As a result of the protest the mine was forced to operate at reduced capacity. One activist has spent 4 years in jail and others have also been arrested.
Development of AlternativesThe demands of the protesters are simple. They want an independent environmental study on the impact of the mine. They want jobs and education, better infrastructure and health care.

They demand that 75 percent of all future jobs in the mine should go to young people from Imider.
Do you consider this as a success?Not Sure
Why? Explain briefly.While the mine is still operating, and justice has not been served, the persistence of the organising is admirable. Further the resistance has led to increased democratic organizing with the encampment holding regular general assemblies using the Agraw system, an ancient model of Amazigh democratic tribal governance that include men, women and children from the seven villages comprising Imider, who meet twice a week to assess the community's situation and strategies.
Sources and Materials

[1] Alan Green (2015). Moroccan silver draws miners and protesters. Middle East Eye. 20 August 2015
[click to view]

[2] Nadir Bouhmouch and Kristian Davis Bailey (2015). A Moroccan village's long fight for water rights. Al Jazeera Online. 13 December 2015
[click to view]

[3] Financial Times (n.d.). Societe Metallurgique d'Imiter SA
[click to view]

[4] Zakariaa El Farhi (2016). Five years of Protests against a Silver Mining Company in “Imider”. The Moroccan Times. 18 November 2016.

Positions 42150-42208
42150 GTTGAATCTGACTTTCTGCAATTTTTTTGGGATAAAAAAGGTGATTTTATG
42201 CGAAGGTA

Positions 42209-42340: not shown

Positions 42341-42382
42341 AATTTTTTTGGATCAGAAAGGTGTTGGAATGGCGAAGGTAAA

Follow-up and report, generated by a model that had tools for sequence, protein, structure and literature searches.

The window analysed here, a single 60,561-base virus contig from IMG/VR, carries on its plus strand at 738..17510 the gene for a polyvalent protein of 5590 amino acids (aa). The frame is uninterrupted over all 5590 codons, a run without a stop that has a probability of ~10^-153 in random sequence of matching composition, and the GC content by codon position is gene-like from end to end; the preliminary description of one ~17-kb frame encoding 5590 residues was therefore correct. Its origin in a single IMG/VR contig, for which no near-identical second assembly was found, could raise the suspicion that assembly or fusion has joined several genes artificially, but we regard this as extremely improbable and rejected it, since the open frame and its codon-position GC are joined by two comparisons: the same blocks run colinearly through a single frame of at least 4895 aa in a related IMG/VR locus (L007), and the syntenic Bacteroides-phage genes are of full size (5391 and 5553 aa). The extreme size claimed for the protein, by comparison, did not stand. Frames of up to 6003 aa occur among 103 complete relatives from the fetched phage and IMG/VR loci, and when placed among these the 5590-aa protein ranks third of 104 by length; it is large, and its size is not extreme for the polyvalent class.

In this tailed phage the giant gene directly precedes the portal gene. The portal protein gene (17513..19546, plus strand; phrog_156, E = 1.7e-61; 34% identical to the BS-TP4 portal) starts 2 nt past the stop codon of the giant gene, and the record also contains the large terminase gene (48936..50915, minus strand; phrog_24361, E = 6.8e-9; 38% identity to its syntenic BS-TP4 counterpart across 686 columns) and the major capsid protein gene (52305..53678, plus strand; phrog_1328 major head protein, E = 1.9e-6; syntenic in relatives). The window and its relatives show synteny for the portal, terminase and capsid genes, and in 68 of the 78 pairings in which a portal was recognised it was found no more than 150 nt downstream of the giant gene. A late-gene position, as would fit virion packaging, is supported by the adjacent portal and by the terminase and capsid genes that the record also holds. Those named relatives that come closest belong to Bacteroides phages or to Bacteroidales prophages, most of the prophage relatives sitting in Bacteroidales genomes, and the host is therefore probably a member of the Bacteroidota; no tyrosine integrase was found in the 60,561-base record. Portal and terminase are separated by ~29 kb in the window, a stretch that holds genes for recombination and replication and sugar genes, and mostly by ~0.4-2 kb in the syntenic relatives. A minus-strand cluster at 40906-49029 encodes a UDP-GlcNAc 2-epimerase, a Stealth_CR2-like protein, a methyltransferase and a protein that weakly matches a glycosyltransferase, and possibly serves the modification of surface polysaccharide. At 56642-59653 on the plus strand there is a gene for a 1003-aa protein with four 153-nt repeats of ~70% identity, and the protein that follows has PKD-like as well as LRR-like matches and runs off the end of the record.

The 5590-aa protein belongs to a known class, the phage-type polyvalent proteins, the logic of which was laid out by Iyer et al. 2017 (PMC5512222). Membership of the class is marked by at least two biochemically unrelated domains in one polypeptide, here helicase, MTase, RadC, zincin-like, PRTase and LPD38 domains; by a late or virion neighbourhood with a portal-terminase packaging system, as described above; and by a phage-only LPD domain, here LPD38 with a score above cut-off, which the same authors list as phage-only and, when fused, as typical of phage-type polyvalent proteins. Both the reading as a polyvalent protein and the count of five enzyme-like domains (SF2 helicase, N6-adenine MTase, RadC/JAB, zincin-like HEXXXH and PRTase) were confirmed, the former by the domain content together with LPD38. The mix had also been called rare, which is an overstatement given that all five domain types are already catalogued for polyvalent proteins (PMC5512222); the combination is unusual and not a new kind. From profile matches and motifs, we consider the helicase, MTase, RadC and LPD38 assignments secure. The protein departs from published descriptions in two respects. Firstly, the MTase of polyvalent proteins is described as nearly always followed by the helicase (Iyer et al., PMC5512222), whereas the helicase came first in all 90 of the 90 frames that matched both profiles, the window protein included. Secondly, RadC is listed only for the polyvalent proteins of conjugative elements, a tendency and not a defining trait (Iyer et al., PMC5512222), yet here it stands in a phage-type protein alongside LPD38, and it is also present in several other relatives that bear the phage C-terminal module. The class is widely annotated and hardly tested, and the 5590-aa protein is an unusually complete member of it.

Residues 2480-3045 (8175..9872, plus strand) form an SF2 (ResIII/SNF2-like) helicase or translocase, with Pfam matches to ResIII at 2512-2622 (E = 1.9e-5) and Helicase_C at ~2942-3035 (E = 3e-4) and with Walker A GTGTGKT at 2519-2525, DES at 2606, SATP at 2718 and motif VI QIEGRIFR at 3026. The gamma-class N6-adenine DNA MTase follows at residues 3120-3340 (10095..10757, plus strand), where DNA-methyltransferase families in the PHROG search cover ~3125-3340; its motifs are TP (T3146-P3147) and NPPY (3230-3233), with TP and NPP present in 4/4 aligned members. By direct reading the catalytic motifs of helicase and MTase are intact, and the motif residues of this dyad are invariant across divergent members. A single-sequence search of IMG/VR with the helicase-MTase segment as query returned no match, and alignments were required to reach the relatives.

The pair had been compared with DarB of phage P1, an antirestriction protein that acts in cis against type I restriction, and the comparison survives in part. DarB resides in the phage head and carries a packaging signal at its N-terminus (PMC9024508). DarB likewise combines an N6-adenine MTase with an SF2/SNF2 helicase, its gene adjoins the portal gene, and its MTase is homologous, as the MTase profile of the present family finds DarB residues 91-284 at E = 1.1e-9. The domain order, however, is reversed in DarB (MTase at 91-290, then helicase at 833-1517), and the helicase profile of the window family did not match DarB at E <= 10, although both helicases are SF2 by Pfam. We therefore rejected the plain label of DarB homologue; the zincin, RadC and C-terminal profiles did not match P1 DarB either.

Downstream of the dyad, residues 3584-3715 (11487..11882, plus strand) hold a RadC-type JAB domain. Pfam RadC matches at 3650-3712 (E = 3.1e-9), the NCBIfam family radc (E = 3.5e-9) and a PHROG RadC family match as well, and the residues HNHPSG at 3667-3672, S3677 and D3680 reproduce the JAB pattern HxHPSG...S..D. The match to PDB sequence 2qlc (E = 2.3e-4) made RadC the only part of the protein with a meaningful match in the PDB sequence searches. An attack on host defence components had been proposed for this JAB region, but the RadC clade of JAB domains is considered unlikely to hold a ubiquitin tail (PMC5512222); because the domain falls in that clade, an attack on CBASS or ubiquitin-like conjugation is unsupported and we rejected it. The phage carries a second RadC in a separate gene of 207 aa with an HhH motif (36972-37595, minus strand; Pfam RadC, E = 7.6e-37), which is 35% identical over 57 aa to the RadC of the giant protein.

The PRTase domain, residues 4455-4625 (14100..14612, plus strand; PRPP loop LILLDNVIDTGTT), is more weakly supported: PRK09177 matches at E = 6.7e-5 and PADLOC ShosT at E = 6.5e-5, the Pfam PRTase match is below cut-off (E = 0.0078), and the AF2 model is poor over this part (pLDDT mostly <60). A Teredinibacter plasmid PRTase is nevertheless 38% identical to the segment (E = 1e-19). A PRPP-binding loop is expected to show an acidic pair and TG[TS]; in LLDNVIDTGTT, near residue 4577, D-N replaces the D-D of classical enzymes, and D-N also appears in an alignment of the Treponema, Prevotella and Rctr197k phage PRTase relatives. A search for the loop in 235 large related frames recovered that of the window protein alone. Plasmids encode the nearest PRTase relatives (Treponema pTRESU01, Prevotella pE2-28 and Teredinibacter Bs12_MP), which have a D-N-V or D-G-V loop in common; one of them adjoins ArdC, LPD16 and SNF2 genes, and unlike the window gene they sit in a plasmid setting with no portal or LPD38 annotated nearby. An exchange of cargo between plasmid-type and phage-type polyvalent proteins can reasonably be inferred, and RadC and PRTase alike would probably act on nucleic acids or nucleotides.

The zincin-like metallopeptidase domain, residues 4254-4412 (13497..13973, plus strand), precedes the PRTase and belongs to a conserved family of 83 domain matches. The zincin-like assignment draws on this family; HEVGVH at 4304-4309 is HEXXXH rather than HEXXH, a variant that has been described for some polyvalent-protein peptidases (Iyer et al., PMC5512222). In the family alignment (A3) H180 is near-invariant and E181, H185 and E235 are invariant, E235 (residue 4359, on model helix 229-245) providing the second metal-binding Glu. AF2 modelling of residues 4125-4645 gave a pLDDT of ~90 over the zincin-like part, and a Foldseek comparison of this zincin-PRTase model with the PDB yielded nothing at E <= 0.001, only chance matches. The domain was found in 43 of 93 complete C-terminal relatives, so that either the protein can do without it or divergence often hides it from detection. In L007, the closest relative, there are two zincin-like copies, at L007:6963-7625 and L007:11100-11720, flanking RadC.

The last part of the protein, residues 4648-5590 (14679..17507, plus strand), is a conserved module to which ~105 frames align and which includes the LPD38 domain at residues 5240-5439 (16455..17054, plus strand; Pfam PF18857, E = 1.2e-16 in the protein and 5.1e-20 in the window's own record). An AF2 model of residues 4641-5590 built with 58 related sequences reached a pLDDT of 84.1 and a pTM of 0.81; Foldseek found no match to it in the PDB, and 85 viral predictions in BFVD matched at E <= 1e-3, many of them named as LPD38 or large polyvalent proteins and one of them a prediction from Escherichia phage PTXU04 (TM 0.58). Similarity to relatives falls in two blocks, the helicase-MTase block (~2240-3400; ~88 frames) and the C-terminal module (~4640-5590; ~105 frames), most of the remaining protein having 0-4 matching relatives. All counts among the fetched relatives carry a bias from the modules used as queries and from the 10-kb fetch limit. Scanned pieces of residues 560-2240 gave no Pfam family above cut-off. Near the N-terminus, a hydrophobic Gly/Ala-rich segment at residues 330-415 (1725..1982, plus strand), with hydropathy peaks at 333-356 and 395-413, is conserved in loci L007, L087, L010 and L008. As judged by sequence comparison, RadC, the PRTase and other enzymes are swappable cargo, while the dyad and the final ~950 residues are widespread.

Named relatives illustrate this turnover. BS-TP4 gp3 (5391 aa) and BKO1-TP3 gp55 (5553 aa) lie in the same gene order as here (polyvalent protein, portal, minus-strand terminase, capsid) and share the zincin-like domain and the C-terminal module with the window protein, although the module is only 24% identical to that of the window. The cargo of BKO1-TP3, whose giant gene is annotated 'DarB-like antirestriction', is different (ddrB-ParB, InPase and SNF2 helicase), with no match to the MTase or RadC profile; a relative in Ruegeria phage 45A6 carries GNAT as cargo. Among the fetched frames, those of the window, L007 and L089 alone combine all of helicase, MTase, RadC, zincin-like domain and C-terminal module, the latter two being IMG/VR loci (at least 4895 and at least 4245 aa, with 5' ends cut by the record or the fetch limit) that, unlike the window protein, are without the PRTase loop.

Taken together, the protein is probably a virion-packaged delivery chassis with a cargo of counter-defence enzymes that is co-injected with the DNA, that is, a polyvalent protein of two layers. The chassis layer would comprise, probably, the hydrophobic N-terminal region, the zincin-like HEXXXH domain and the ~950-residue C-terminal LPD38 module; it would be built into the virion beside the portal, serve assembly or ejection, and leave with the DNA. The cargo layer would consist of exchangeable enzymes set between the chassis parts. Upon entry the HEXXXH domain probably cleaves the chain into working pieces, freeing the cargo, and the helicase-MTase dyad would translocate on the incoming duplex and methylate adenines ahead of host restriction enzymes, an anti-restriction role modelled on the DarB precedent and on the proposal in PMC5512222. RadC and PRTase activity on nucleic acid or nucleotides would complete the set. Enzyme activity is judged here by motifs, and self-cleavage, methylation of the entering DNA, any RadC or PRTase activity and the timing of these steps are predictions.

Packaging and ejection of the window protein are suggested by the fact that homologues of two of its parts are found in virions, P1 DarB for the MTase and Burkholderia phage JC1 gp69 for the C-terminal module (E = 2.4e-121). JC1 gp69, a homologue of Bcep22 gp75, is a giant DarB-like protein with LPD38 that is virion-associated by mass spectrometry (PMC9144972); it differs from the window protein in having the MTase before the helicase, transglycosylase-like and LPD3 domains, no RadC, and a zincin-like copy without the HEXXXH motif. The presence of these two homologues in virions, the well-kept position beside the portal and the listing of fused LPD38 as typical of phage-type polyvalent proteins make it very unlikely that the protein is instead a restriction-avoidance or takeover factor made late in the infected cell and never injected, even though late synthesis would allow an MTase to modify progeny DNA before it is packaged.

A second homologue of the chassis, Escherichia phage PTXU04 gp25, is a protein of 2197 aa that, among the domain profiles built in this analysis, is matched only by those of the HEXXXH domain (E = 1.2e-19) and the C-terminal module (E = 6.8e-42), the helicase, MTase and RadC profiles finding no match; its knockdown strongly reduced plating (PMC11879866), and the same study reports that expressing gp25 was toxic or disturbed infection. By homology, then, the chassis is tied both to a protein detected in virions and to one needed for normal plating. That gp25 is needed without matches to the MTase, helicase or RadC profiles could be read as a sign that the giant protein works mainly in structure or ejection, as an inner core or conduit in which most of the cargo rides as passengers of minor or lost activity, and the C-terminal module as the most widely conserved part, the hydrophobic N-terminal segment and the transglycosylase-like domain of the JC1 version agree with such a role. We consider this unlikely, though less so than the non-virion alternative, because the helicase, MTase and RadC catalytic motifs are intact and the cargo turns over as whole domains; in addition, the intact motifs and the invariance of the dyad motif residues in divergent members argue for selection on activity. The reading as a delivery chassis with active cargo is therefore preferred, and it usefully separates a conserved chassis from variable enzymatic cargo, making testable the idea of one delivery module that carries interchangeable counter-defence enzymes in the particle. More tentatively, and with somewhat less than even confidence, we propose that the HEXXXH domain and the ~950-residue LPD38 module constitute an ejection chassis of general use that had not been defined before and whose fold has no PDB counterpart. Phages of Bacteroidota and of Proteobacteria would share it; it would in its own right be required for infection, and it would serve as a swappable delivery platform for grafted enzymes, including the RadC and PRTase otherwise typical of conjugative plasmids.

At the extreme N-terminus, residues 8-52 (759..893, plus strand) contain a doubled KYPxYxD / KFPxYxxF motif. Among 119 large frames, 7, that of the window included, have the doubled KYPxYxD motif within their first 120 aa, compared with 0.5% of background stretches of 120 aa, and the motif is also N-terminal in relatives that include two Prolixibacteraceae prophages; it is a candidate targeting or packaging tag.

[click to view]

[6] On Moroccan Hill, Villagers Make Stand Against a Mine, By AIDA ALAMI, JAN. 23, 201
[click to view]

[5] Imider vs. COP22: Understanding Climate Justice from Morocco’s Peripheries, Jadaliyya, Nov. 21., 2016
[click to view]

Media Links

Official website
[click to view]

Other Documents

Protesters in Imider have been taking turns for five years to block access to their water source.
[click to view]

The protest camp holds regular general assemblies using the Agraw system, an ancient model of Amazigh democratic tribal governance (Credit: Nadir Bouhmouch/Al Jazeera)
[click to view]

Imider protesters on top of an Atlas Mountain. The text on the ground reads Not For Sale (MEE Archive, February 2014)
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An activist with the Berber flag. New York Times.
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Meta Information
ContributorPlatform London
Last update06/03/2017